The best framework to incorporate is the patient-centered framework which focuses on working with what the patient need. The framework has several components, which include self-management, improved information and understanding, advancement of prevention and health promotion activities, and shared decision-making (British Columbia Ministry of Health 2015). As stated earlier, most patients in our department feel vulnerable, and by giving them the power to self-manage and make their own decisions, they are likely to be more cooperative, improving their outcomes.

In acute and long-term rehabilitation centers, the patient must take an active role in enhancing their health. While they might be with the nurse for a long time, it is their effort that ensures their quick recovery.

With this in mind, the patient-centered approach will ensure that they understand that they are in control of their body and can improve their situation even though they might feel trapped. Encouraging and noting minute progress will be important as they look forward to achieving better milestones.

Through the patient-centered framework, it will be the responsibility of the nurses to ensure that they offer sufficient health education to the patients. This is especially necessary for ensuring that patient understands their diagnosis and the best treatment options available. As a result, the patients can make informed decisions concerning their care.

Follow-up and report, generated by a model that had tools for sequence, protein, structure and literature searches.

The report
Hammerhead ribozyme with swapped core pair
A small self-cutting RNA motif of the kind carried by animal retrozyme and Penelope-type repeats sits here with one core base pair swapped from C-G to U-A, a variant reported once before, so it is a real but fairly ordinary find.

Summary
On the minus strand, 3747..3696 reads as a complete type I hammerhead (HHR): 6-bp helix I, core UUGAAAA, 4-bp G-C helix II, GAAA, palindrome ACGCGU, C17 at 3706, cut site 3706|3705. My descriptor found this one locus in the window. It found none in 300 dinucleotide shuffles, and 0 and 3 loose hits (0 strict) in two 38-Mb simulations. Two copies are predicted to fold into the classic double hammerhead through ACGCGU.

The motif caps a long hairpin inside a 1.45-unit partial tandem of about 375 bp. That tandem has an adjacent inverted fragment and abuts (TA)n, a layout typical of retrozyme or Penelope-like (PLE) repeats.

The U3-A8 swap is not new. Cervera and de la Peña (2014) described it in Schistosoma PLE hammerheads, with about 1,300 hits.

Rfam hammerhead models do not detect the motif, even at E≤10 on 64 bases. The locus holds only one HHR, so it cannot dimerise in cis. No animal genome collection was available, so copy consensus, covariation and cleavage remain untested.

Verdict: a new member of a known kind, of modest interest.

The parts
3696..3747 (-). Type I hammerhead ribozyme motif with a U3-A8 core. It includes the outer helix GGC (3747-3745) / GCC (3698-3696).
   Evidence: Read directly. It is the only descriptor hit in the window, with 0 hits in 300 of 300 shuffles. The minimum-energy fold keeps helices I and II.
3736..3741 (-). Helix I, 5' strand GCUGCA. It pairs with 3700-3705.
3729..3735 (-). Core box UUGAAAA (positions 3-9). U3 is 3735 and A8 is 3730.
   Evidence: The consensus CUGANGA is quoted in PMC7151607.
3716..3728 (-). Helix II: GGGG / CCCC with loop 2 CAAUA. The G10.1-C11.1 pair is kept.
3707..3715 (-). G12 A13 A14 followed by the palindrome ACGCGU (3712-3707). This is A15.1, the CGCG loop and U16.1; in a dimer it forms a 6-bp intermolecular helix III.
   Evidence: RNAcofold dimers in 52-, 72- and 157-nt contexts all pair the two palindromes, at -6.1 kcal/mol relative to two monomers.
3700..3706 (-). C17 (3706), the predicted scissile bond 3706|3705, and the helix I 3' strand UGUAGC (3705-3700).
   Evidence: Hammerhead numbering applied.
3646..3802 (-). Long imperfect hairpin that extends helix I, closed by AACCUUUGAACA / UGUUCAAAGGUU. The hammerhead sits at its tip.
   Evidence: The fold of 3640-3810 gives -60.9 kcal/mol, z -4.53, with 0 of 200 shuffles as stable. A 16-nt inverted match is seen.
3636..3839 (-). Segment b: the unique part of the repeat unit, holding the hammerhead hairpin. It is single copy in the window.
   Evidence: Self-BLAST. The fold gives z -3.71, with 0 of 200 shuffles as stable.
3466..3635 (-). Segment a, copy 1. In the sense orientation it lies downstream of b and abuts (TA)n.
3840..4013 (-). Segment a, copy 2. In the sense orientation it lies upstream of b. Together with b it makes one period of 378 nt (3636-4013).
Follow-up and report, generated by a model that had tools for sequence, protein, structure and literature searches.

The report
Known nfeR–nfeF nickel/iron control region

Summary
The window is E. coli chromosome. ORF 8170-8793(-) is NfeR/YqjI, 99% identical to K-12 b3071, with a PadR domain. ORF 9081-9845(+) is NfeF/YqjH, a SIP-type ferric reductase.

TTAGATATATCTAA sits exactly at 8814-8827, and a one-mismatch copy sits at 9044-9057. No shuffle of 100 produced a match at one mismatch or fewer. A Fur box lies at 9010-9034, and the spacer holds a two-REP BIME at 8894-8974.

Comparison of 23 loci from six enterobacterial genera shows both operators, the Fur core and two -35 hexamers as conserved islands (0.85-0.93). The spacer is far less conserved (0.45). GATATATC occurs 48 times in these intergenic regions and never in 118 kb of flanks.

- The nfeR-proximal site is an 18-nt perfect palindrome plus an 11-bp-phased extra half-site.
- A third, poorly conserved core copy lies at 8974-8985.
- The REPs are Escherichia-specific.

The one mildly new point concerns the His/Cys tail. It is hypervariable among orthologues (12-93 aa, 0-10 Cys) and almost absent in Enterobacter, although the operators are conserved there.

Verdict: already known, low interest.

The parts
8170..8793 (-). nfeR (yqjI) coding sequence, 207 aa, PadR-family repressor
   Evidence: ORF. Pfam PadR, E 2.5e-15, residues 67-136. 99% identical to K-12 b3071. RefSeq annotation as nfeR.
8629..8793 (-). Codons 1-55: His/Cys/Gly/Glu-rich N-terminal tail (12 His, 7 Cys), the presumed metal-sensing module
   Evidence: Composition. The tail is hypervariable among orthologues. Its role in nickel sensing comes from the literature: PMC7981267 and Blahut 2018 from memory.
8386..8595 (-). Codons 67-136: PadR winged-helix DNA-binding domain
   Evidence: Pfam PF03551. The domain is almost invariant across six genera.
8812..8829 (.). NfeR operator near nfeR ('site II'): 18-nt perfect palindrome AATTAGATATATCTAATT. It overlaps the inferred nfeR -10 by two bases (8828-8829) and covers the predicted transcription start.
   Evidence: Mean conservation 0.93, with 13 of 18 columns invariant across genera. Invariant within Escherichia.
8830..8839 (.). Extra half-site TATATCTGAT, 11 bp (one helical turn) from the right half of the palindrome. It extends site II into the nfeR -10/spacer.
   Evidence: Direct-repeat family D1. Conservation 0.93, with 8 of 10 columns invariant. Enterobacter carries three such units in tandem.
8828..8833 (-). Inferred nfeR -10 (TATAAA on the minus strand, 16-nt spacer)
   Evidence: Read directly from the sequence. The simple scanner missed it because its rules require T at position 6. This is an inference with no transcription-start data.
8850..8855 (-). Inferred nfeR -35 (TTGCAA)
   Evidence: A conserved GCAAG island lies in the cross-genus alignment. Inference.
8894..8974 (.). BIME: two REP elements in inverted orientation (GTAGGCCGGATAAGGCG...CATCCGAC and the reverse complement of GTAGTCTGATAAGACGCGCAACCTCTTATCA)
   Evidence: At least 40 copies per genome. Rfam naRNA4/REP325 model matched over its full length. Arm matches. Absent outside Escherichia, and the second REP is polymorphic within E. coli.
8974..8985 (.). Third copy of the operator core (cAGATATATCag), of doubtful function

Moreover, following the health belief model, they will feel more responsible for their recovery and therefore will work hard on their part and will not do anything that will jeopardize their wellbeing (Gartner et al. 2022). The patient-centered framework will also increase cooperation between the family members and the caregivers.

In acute and long-term recovery plans, it is important to understand that family members will be expected to help the patient in the rehabilitation program (Santana et al. 2018). Additionally, some patients whose independence will have been affected by their illness will have to depend on their family members or caregivers.